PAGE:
How Your Laptop Can Improve Your Work-Life Balance (Part 2)
A small firm owner reveals her favorite tech tools to help break free from the office.
As a small firm owner on the go, I couldn’t live without certain tech tools that help me go wireless, paperless, deskless, and suitless. With my laptop serving as my control center, here are the tools I use religiously, in no particular order.
Syncplicity – A cloud storage tool that lets you share and sync files across devices. Life is easier when you can get your files anywhere, anytime on any device. Cost: $60 per year per user for the business edition.
Google Voice – One phone number for all of your phones. What’s great is the number is tied to you, not to a device or a location. From my laptop, I can make and pick up calls, send and get texts, and read transcriptions of my voicemails. I can also add notes, download, and share voicemails. Cost: free.
RingCentral – My cloud-based phone and fax system. The RingCentral cloud platform lets you manage calls, integrate your phone services, and send and receive faxes from different locations and devices. Cost: $25 per user for the standard package.
Google Apps – I use Google Apps to collaborate on documents with my team. They let you create, edit and share files—docs, sheets, forms, and slides—on any device, without breaking the bank. Cost: $5 per user per month for the Google Apps for Work standard package.
Timer – I like to use a free desktop timer to set “pomodoros” for productivity and breaks. It’s an astonishingly simple tool to help you manage your time better.
Toggl – The basic timer tracks my time, while this tool tracks how I spend my time. It features 1-click time tracking and lets you see where your minutes go in real time. Cost: free and paid versions are available.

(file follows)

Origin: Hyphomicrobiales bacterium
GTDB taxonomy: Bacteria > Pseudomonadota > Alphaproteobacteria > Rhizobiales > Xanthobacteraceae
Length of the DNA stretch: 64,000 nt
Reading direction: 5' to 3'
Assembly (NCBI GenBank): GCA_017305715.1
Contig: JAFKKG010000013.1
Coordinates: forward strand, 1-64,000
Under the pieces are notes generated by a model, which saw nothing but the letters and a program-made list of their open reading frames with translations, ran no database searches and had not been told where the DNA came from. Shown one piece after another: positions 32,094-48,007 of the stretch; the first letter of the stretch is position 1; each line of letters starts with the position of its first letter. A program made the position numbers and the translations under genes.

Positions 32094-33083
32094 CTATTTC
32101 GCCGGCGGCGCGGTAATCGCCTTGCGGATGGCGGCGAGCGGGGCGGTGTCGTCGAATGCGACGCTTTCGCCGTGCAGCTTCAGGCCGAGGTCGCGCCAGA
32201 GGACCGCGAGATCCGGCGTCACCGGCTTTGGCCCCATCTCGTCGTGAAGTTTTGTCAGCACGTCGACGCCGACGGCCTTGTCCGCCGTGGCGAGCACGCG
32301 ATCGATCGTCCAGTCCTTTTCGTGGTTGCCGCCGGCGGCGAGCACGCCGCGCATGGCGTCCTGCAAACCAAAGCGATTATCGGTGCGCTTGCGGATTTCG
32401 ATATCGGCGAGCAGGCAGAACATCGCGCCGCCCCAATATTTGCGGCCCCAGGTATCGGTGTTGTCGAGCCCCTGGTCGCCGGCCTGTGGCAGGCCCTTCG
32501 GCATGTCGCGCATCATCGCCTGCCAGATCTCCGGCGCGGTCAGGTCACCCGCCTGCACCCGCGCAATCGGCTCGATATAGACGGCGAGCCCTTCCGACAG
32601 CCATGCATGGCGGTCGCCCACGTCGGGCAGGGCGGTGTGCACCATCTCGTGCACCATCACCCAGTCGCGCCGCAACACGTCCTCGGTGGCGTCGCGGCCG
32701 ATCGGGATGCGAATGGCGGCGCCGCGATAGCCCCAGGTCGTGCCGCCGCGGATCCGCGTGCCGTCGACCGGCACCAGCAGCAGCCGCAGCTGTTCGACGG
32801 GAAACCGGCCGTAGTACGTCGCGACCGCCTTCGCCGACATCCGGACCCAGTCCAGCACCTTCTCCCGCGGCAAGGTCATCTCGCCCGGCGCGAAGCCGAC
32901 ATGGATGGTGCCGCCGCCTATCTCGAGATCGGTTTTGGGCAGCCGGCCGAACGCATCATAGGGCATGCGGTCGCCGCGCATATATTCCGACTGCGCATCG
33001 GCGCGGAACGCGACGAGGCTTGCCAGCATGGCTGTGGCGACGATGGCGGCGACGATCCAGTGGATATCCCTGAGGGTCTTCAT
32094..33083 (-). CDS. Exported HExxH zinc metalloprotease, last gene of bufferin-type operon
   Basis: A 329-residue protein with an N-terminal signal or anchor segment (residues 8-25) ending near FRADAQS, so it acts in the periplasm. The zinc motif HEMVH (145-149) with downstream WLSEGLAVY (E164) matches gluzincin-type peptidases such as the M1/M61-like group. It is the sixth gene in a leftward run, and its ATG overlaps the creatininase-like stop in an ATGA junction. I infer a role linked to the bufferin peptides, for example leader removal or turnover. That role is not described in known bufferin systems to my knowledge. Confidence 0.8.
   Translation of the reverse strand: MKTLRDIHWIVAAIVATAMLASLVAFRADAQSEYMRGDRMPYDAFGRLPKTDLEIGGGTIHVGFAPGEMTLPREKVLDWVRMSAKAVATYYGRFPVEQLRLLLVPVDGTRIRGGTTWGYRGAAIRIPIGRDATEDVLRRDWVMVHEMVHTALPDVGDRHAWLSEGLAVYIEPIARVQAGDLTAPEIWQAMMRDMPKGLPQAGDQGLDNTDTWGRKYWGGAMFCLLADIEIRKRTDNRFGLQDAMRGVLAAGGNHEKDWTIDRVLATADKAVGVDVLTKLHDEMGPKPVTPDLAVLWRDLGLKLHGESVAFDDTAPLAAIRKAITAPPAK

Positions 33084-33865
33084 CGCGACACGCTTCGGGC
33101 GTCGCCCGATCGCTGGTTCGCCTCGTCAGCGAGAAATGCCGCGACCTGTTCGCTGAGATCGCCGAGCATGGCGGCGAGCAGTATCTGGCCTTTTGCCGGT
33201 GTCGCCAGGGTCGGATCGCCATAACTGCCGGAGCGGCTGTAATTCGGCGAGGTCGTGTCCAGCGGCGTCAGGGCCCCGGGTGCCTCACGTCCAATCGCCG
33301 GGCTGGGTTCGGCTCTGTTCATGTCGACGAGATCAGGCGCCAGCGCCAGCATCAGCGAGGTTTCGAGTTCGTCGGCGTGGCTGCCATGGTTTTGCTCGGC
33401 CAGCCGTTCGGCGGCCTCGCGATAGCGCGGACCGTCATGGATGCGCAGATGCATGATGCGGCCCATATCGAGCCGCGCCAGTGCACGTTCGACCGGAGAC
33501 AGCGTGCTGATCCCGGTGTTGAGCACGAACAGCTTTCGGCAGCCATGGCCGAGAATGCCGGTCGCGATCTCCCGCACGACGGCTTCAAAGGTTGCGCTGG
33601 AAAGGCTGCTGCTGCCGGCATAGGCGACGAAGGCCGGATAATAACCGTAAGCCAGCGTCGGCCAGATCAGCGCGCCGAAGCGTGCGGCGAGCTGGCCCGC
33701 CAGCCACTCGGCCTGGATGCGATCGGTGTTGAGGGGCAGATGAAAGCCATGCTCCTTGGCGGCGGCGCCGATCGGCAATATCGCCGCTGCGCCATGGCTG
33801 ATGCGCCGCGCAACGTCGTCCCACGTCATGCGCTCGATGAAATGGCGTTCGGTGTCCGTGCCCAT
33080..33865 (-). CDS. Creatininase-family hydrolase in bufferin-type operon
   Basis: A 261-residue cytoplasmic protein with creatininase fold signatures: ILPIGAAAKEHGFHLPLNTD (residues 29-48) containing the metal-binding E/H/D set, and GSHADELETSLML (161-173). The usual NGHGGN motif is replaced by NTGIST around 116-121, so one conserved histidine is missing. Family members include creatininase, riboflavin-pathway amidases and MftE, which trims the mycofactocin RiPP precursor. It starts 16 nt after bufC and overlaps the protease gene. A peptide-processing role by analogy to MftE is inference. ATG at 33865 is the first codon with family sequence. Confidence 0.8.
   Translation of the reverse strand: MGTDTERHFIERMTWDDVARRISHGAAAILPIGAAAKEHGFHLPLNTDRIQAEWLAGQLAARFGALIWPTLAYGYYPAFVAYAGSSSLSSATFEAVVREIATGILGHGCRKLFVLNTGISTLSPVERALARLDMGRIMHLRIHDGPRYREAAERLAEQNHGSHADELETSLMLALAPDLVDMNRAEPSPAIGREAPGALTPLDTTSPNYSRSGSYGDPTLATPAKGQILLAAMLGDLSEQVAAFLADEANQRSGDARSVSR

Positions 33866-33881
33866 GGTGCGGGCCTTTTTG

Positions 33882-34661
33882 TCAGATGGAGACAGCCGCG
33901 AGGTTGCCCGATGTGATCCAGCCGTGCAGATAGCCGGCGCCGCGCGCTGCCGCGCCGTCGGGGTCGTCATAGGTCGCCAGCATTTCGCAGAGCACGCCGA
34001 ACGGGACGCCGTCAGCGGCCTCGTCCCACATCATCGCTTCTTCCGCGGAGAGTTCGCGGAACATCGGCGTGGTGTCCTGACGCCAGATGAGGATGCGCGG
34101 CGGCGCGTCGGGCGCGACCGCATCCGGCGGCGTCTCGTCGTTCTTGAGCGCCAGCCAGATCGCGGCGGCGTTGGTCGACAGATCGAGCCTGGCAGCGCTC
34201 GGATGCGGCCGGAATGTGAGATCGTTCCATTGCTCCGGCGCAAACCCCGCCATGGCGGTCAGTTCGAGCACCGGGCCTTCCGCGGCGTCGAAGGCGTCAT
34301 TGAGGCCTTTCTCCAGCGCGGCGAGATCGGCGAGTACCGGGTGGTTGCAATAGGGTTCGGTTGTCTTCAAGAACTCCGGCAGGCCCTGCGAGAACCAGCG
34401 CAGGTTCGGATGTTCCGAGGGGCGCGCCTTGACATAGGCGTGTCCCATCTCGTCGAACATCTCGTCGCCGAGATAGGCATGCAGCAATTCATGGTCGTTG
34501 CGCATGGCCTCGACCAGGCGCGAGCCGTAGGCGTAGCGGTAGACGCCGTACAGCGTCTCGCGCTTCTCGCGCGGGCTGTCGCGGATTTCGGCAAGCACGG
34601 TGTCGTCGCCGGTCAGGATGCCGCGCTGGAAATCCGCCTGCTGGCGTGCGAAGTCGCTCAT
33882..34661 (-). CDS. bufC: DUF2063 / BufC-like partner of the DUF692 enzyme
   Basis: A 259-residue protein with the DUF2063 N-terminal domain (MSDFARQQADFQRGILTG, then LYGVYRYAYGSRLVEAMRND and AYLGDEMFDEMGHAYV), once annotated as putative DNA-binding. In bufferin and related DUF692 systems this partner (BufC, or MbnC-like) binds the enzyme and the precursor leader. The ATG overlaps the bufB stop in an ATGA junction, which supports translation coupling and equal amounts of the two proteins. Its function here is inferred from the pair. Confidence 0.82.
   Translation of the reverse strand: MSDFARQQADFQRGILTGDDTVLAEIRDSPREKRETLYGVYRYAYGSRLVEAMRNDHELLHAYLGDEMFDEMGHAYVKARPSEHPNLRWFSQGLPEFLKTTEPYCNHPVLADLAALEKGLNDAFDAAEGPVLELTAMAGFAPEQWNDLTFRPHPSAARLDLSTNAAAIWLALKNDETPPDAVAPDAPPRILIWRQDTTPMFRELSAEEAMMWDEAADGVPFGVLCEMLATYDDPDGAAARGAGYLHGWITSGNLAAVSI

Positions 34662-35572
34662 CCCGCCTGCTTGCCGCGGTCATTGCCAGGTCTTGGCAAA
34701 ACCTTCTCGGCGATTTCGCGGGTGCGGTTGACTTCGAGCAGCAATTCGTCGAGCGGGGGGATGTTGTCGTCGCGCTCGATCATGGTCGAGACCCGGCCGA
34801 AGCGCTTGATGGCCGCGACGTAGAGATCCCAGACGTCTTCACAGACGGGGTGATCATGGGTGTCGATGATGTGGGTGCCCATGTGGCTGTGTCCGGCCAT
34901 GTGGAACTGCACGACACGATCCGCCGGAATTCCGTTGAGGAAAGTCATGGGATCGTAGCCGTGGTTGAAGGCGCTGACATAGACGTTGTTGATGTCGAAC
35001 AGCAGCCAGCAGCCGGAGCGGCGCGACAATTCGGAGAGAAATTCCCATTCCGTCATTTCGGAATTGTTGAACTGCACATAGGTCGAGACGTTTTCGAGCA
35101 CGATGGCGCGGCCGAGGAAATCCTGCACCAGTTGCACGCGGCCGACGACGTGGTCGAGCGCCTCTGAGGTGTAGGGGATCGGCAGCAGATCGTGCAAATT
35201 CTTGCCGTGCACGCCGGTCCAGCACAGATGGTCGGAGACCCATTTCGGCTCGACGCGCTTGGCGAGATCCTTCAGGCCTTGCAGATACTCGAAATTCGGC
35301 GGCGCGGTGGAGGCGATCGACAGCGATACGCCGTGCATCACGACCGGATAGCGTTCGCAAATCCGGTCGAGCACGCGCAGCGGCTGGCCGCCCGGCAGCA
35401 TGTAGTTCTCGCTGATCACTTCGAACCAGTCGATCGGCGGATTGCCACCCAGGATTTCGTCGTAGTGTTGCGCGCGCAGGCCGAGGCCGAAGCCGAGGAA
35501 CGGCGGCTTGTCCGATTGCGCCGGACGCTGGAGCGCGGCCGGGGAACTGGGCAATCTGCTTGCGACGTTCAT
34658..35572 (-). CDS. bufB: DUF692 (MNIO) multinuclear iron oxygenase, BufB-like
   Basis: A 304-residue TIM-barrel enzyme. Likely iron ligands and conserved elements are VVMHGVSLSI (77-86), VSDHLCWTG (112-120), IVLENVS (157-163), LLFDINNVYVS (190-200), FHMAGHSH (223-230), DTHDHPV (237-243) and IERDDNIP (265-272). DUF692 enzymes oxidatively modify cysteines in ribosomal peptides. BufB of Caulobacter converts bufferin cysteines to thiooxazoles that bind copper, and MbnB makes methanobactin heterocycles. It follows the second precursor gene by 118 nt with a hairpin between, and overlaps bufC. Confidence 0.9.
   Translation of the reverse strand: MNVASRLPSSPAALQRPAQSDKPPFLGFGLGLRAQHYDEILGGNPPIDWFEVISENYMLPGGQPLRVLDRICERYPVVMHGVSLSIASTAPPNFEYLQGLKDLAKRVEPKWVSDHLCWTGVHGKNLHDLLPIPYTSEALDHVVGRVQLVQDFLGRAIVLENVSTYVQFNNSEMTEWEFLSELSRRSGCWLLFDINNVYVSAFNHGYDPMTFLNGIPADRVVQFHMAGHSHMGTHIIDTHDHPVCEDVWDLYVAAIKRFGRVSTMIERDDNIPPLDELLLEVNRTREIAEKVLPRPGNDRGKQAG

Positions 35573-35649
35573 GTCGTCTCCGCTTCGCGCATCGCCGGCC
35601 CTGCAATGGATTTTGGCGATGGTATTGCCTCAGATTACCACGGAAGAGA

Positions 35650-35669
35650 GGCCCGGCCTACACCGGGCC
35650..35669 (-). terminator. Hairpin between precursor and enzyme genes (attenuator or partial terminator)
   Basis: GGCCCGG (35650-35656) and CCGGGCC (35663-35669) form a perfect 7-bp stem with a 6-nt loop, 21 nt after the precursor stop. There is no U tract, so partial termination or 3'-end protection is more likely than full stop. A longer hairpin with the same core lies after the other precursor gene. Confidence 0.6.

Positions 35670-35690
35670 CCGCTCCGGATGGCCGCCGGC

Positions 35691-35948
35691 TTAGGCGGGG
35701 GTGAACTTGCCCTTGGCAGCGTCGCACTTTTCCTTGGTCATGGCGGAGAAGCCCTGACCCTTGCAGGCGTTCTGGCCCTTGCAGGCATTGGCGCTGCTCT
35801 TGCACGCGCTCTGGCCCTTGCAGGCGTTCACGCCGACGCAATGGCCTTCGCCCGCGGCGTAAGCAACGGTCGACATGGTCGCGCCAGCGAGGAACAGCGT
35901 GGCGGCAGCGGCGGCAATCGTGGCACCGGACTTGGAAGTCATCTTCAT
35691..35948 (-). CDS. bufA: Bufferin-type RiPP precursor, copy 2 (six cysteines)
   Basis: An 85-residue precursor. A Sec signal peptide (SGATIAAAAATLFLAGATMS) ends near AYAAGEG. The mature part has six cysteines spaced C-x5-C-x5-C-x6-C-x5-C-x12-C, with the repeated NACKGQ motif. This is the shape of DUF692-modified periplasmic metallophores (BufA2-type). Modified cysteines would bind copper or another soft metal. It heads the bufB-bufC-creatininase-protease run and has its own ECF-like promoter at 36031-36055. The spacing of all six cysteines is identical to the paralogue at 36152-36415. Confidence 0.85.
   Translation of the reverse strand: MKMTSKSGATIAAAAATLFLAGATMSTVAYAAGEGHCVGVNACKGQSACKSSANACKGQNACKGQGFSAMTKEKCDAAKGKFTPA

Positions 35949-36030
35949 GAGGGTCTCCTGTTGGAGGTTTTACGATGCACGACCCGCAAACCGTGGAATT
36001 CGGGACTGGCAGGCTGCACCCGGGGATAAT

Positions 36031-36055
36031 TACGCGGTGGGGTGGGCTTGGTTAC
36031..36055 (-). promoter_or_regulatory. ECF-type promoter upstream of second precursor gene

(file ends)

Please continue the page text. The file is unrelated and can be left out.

Passpack – My password manager. I can tag, sort, search, and manage multiple logins per site. I can also share and provision passwords with my staff securely: passwords and other sensitive data are encrypted by the browser before being sent to the server for storage and later retrieval. Cost: free for one user, but still pretty cheap for additional shared users.
Ruby Receptionists – A great tool to filter potential client calls. It’s a real, live virtual receptionist service based in Portland, Oregon. You can be mobile because they’ll transfer calls to where you like—but your callers will think the assistant works in your office. Cost: $259 per month for their basic plan.
Virtual assistant – There are a variety of virtual assistance services that are great for sending letters, making calls, and completing a variety of business tasks. I still use a “live” assistant to answer calls, handle mail, and meet “walk-ins.” The cost of virtual assistance will vary depending on your needs.
PdaNet – This tool transforms my smartphone into a wireless modem, USB tether, bluetooth DUN, or wireless router. It’s the perfect tool if you have a good data plan. I now have 2G connection for free on Sprint in Mexico—a game-changer for my frequent surfing trips to Baja. Cost: $15-$20, depending on your device.
Scanner – My office uses a Fujitsu ScanSnap S1500 to scan all mail. Then we save it on Syncplicity so the entire team has access to the mail.
There are certainly times when technology gets the best of my A.D.D. brain—when it causes me to pass the off-ramp to the beach or space on something touching a loved one just said to me. But the bottom line is this: Would you rather be working from the beach, or working from your office with a computer screensaver of the beach?
Sally Morin is managing principal of Sally Morin Law in San Francisco.